My sister-in-law is a photography major at art school in Chicago. So, when we see her this weekend, we’re going to have her take family pictures for us. We need to get some fancy-schmancy missionary prayer cards made soon, so that people can have a picture of our family on their fridge for the next five years. Kinda intimidating to think that this picture with represent me into my early thirties.
With pictures in mind, I told Kassie that I’ll be working outside this week so that I’ll be tan for the family photo. She said that she’d like to be tan for the picture, too. I reassured her, “Karolyn can just make you tanner with Photoshop.” No big deal, right? Happens every day. Besides, we’re talking public perception for half a decade.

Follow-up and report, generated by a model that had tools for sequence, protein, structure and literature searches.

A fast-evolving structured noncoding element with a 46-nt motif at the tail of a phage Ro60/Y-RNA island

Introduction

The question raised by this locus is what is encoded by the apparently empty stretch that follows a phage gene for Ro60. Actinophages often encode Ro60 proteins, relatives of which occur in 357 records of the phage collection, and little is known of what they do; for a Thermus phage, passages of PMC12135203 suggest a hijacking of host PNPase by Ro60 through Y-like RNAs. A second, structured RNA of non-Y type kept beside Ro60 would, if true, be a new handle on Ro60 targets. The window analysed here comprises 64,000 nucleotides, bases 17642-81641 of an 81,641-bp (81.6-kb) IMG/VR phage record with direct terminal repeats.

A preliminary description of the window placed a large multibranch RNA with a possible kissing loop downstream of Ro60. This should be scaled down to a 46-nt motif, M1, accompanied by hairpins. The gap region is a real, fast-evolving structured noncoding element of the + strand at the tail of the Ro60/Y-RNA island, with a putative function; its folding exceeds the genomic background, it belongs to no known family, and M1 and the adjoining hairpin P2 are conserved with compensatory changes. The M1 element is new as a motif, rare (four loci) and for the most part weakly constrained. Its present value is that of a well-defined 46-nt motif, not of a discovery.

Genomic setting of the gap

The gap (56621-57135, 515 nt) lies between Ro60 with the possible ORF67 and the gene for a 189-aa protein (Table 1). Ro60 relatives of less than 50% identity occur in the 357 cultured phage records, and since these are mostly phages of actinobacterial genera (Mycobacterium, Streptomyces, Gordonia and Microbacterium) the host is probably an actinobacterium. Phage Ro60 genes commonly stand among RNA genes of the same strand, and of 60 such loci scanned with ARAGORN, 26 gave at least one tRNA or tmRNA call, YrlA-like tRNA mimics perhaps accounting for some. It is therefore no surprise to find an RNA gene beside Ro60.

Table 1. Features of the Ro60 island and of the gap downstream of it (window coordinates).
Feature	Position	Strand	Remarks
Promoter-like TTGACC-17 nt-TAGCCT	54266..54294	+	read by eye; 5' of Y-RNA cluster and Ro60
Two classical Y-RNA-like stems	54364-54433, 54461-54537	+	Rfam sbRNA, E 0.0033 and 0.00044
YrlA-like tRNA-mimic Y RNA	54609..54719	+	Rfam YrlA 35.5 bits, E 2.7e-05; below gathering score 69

That conversation reminded me of friend of mine. He likes to share online about how great life is; fantastic, happy inter-personal relationships and all. A while back I observed this friend’s life and realized it’s not as perfect as he shares online; lots of pain and anger and frustration.
I do this, too. I’ll post on facebook or twitter about the clever, funny, or impressive things that my kids do, but I don’t talk about the meal with three crying kids and two frazzled parents. I’ll share a good link online about getting to the heart of sin, but in real life I’ll give Malaki and Cora a giant pretzel at Sam’s Club so they’ll stop embarrassing me. I talk about how grateful I am for Kassie, but deal with her at home with selfishness and subtle manipulation.
I’ll write a blog post about not being fake, when I should just turn off the computer and go be a real dad and husband.